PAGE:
Date: 26th September 2020 at 3:50pm
Written by:

In the run up to Sevco’s match against Dundee Utd a couple of weeks ago, the talk on their forums was of grudges and grievances and the “hatred” that exists between the two clubs. I read some of it in honest-to-God bafflement.

These clubs have been separated by league status since Sevco was founded; this is the first season in which both of them have played in the same division. So where does the hatred emanate from? What is its genesis? What sparked it and why does it persist?

In the case of the United game, it was something to do with un-refunded tickets back at a time when a club called Rangers was playing out of Ibrox. I didn’t look into it much beyond finding that out; it seems so petty and small-minded, and just like the Sevco support.

I’ve written here several times about how it’s hate which most seems to define that club, and the Dundee Utd saga is only one small facet of it. The real problem over there is that the hate is somehow so all-consuming they don’t even seem to realise when it negatively affects them.

That makes it more than just bog-standard bigotry … it is borderline psychotic.

Never has this been more evident than it was this week, when the Scottish Government announced that restrictions in place might mean football fans locked out of grounds for the whole of the season. That news should have been devastating for all supporters to hear, and almost across the boards that’s exactly what it was.

There’s a realisation by fans of every club about what it will mean for the game if some of our teams vanish, never to return.

Not for them a Sevco-like “resurrection” with the media and governing bodies four-square behind a blatant falsehood about them somehow surviving; they realise that when those clubs are gone that they’ll be gone for good.

To the average football fan, this is something to be considered with genuine fear of what a future without half our clubs will mean, not just for our own teams but the game here as a whole. There might be no recovering from the damage it does.

Amidst this, there are voices which for years have said that we have too many professional and semi-professional teams in the league system, and that the system itself cannot support 42 clubs, most of whom get by on very modest attendances.

Their argument – that this kind of realignment might actually be beneficial in the long term, reducing the number of clubs to something more manageable and where there are larger attendances at some of these teams – is not a bad one … and it’s certainly not being advanced with dark motivations.

It may seem a little ruthless but you can’t accuse these folk of dancing on graves.

Dancing on graves is precisely what the Sevconuts are doing.

They welcome the idea that dozens of clubs could die; they have specific clubs they’d very much like to see gone for good, but their hostility is more general than that. They want to see Scottish football itself suffer because of how “they” suffered during the year 2012.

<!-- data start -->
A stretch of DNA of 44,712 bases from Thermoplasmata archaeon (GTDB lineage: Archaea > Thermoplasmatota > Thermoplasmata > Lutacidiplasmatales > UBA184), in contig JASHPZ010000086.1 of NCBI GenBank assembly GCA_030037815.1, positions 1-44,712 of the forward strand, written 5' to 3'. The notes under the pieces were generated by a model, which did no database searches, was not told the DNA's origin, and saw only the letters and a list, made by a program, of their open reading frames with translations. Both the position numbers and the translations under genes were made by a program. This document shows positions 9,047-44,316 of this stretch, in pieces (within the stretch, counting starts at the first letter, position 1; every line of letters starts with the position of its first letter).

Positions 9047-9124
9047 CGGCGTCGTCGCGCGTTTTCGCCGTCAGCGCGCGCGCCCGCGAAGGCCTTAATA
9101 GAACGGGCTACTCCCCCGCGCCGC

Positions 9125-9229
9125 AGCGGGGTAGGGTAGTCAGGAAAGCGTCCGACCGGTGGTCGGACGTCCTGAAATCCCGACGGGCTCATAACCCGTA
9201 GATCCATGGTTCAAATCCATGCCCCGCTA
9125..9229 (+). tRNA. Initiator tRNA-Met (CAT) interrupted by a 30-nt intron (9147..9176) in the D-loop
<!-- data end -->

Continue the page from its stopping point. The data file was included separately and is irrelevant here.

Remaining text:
This belief, this view, that in that year when Scottish football last stood on the brink, that something terrible happened to their club and that it was the collective will of the game here that they should suffer, is one of the most dangerous myths on which our modern footballing structure is built, and those who constantly push this line seem heedless of the damage it does.

The potential always existed for this to do real harm to the game.

The second the governing bodies and the media started to push the line that Rangers had “survived” and that Sevco was the same club, a toxic myth was allowed to take hold that they had been “relegated” by a combination of ruthless opportunism and hatred. That should never have been given the chance to become part of our game’s official narrative. The club now nurses a permanent sense of grievance and an entire generation of their supporters has been brought up with this as an article of faith.

And that’s dangerous, which is a fact that has largely gone unexplored by the press.

One of the results of it is that Sevco fans would happily watch all the rest of Scottish football die. They are the only supporters in the whole country who are actually sneering as this crisis takes hold, and hoping that it does its worst. That this would hurt their own club in numerous ways is something that you really don’t feel you need to point out to them, but they don’t get it and what’s worse is that you get the impression they wouldn’t care if they did.

Sevco’s supporters have passed the point where they are going to be weaned off this stuff; it is now an inevitable part of the club’s DNA. And you know what’s worst about it? Even as they spread hatred all across the game, they act with genuine bafflement and even hurt at the merest suggestion that others might not really like them too much.

For them, it’s always been like that but for others the intense dislike of the Ibrox operation comes from their attitude towards everyone else, an attitude which has hardened into the view that everyone hates them simply because they exist at all.

This elevates things to a whole new plain. As the rest of Scottish football watches, aghast, as clubs make dire predictions about their survivability only one set of supporters actively wishes the worst on everyone else. When they sing about how “no-one likes (them) and (they) don’t care” they never stop to wonder how they got here, far less if they can ever change it.

There club was built on grudges and paranoia. That they exist in a state of permanent vendetta should surprise no-one. They are stuck with it too, and so are the rest of us, unless theirs is one of the clubs that doesn’t come out of this on the other side.

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